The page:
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Exercise 2 – Debugging with core dump and addr2line

In this exercise, we will first alter the application to enable core dump and select the logging backend so the core dump is printed on the terminal. Then we will create a function that will cause a fault error at the press of button 1, so that we can encounter the fault and learn how to extract information from a fatal crash using tools like GDB (The GNU Debugger), which we will use to through a gdbserver and add2line.

In the next part of the exercise, we will practice using addr2line to convert the faulty instruction address into a line of code, to investigate further what is causing the error.

Note: This exercise requires that python3 is installed and might require you to install elftools with the command “pip install pyelftools”

Exercise steps

Open the code base of the exercise by navigating to Create a new application in the nRF Connect for VS Code extension, select Copy a sample, and search for Lesson 2 – Exercise 2.

Alternatively, in the GitHub repository for this course, go to the base code for this exercise, found in lesson2/inter_less2_exer2.

Debugging with core dump

1. Enable core dump and select logging backend.

1.1 Enable core dump through CONFIG_DEBUG_COREDUMP and select the logging backend through CONFIG_DEBUG_COREDUMP_BACKEND_LOGGING.

Add the following lines to the prj.conf file

1.2 Include the header file for core dump.

Add the following line in main.c

2. Add functionality to make the application crash upon a button press.

We want to make sure the application hits a fault error when we press button 1.

2.1 Define crash_function() to cause a fault error.

We will define the function crash_function that attempts to dereference a null pointer, which will cause the application to crash.

void crash_function(uint32_t *addr)
{
	LOG_INF("Button pressed at %" PRIu32, k_cycle_get_32());
	LOG_INF("Coredump: %s", CONFIG_BOARD);

	#if !defined(CONFIG_CPU_CORTEX_M)
	/* For null pointer reference */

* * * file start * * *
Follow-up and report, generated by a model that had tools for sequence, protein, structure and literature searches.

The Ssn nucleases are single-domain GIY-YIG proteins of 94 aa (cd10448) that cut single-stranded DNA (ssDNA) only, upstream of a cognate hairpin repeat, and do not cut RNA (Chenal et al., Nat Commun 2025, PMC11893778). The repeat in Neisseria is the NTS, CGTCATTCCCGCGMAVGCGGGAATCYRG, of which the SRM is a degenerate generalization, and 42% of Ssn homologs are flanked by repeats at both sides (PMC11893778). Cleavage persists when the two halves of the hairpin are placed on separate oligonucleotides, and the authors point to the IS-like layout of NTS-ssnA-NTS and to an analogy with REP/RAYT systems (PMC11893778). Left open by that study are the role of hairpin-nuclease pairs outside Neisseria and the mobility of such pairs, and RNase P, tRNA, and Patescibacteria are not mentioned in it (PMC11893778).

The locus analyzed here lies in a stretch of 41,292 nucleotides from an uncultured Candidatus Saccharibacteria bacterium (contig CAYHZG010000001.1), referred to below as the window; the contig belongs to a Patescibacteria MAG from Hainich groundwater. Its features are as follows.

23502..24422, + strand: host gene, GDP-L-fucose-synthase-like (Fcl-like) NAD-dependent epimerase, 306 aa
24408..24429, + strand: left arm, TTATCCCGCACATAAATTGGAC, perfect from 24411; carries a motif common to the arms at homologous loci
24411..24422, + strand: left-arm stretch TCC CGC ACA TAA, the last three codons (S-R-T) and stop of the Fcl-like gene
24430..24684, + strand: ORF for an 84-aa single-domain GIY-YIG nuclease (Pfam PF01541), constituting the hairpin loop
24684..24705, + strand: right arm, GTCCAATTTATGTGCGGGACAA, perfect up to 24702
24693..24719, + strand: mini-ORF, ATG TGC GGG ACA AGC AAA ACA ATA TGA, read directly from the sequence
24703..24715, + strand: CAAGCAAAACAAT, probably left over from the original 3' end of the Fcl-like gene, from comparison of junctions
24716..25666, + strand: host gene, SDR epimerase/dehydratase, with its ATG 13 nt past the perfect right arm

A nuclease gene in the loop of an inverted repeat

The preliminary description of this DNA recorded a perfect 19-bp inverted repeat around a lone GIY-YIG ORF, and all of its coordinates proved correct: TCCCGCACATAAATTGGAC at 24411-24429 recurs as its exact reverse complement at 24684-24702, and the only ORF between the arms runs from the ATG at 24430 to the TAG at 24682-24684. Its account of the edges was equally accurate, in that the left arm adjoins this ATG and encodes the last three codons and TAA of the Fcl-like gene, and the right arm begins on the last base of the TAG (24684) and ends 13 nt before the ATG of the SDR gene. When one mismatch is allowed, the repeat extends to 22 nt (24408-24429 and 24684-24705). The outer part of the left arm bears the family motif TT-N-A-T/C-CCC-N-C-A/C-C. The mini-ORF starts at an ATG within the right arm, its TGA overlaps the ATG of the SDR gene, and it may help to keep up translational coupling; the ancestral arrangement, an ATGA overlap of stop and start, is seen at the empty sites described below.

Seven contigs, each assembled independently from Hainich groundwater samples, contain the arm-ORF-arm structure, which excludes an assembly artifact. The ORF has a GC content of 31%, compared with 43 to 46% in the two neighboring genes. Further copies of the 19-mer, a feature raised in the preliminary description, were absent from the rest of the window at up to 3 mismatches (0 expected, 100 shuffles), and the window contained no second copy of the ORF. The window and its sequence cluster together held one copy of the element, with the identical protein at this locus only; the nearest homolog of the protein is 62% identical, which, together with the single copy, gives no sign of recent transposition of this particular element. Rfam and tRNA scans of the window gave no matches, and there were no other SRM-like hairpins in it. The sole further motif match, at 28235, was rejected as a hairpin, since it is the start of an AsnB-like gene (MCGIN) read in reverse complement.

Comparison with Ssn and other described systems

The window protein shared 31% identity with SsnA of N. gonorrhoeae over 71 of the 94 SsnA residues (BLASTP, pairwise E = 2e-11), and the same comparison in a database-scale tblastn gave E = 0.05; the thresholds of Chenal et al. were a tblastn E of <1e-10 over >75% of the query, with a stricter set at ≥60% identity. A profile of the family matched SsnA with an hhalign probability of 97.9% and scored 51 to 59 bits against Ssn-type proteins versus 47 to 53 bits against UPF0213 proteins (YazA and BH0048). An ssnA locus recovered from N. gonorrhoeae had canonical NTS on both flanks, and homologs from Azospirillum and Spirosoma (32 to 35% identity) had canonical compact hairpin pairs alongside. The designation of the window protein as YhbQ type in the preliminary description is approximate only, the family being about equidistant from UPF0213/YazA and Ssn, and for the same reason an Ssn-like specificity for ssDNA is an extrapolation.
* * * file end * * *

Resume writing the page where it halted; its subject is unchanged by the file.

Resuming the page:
*addr = 0;
	#else
		ARG_UNUSED(addr);
		/* Dereferencing null-pointer in TrustZone-enabled
	 	* builds may crash the system, so use, instead an
	 	* undefined instruction to trigger a CPU fault.
	 	*/
	__asm__ volatile("udf #0" : : : );
#endif
}

2.2 Call crash_function() when button 1 is pressed.

In the button_handler(), we want to call crash_function with the input parameter 0, once button 1 has been pressed.

Add the following line in button_handler()

3. Build the application and flash it to your device.

In the serial terminal, you should be seeing a log output similar to below:

4. Press button 1 to trigger a crash.

Pressing button 1 will trigger the fatal error in Zephyr. Since we configured the module to output the core dump over the logging interface, the core dump will be output over the terminal window. The output can be quite long, so the snippet below is truncated, but remember that you need the complete core dump.

5. Analyze the output.

First Part

The output tells us the device has run into a fatal unknown error under a fault during interrupt handling. The memory address is at 0x000003ea, this memory address can also be used if you wish to use the disassembly window and see where the error happened.

The Disassembly window can be found while in debug session –> NRF DEBUG –> Memory Explorer

The second part is the coredump itself. This is the text you will save into a file in step 8.

Second Part

6. Copy the core dump into a file.

Copy the core dump from the line with #CD:BEGIN to the end of line with #CD:END# from the terminal window and save it as dump.log in your project folder.

7. Convert the file into a bin file.

Run the Python script coredump_serial_log_parser.py located in <ncs_install_path>/<zephyr_version>/zephyr/scripts/coredump/coredump_serial_log_parser.py to convert the text file to a bin file used in the next step.